Thieves use crane and lorry to steal £3m Henry Moore sculpture 'for scrap'

Robbery captured on camera as 'exceptional' bronze vanishes from sculpture park
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A huge bronze statue by Henry Moore, worth more than £3m and hailed by art historians as of "exceptional" importance, has been stolen and, police fear, may be melted down and sold for scrap.

The massive modernist artwork, entitled A Reclining Figure, was taken from the Henry Moore Foundation sculpture park at Much Hadham, Hertfordshire, late on Thursday night.

Police believe a crane was used to hoist the 11ft by 8ft, two-ton statue on to a Mercedes flat-bed lorry. Three men are being sought, having been captured on security cameras.

A Reclining Figure was created by Moore, widely seen as one of the 20th century's greatest sculptors, late in his career. Born in Yorkshire in 1898 to a mining family, Moore helped to heal the rift between popular and "intellectual" art. He died in 1986 - feted by the media, honoured by the establishment and loved by the public - leaving an extraordinary body of work comprising hundreds of pieces, in public and private collections worldwide.

Some 47 works by Moore are currently listed on the authoritative Art Loss Register as stolen and unrecovered - most of them taken in the past 20 years. None, however, is the size of A Reclining Figure.

A new record price was set for a Moore work last month when Mother and Child, sold for £1.07m at Bonhams auctioneers in London. Rising auction prices can make an artist's work especially attractive to thieves. Last week, in the Botanic Gardens, Wellington, New Zealand, a 24-hour guard was placed on another enormous Moore bronze - Inner Form, weighing 1.5 tons and also worth around £3m - after a tip-off that it was about to be stolen.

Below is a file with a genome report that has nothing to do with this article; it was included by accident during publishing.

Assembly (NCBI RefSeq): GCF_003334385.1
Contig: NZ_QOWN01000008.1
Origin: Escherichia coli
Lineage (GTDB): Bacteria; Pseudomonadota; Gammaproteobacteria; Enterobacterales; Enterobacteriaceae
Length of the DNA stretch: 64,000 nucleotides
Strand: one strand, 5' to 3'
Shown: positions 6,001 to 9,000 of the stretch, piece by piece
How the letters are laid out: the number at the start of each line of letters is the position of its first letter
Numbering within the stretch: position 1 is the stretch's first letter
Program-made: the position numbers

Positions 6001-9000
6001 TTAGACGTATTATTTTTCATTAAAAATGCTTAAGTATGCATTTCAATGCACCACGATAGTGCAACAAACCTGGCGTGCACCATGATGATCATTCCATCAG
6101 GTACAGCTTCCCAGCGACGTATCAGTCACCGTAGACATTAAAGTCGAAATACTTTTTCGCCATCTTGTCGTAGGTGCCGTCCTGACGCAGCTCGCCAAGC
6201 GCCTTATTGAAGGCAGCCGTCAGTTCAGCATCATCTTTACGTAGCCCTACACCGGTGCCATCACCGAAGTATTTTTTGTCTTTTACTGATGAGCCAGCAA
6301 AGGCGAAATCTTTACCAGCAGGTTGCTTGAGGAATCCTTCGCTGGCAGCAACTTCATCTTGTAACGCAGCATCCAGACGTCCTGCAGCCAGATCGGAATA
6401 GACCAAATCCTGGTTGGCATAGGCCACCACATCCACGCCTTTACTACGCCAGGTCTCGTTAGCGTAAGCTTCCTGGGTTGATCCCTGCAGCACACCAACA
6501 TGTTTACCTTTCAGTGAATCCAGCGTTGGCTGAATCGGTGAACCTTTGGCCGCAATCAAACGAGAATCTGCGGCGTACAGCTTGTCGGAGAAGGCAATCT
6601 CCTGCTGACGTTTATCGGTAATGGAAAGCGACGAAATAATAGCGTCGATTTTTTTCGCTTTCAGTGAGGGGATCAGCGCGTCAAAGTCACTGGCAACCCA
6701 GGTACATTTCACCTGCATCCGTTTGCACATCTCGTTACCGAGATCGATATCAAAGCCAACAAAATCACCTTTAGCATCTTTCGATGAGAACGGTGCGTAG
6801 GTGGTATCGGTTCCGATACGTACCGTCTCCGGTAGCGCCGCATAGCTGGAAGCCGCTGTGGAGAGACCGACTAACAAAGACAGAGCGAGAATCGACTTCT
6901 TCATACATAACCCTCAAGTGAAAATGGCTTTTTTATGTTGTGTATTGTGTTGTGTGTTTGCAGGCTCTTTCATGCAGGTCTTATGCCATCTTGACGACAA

In May 1997, a Moore sculpture of a reclining woman was found in a Sainsbury's plastic bag when police stopped a London taxi during a routine anti-terrorist check.

The motive for the latest theft is unclear. Police have suggested that the statue may have been taken solely for its scrap metal value, although some art experts disagree.

"This is not stolen to order," said Julian Radcliffe, chairman of the Art Loss Register. "Of all the cases we've ever investigated, only two out of around 3,000 were stolen for people to keep and enjoy. As for being stolen for scrap value, even bronze doesn't have that high a scrap value."

Shipment abroad, says Mr Radcliffe, is the most likely fate. "Some day, somebody might buy it without suspecting it's been stolen. This work may well be worth millions, but the people who stole it may get only £2,000 or £3,000 for it."

Whatever its commercial value, its worth to the art world is beyond calculation.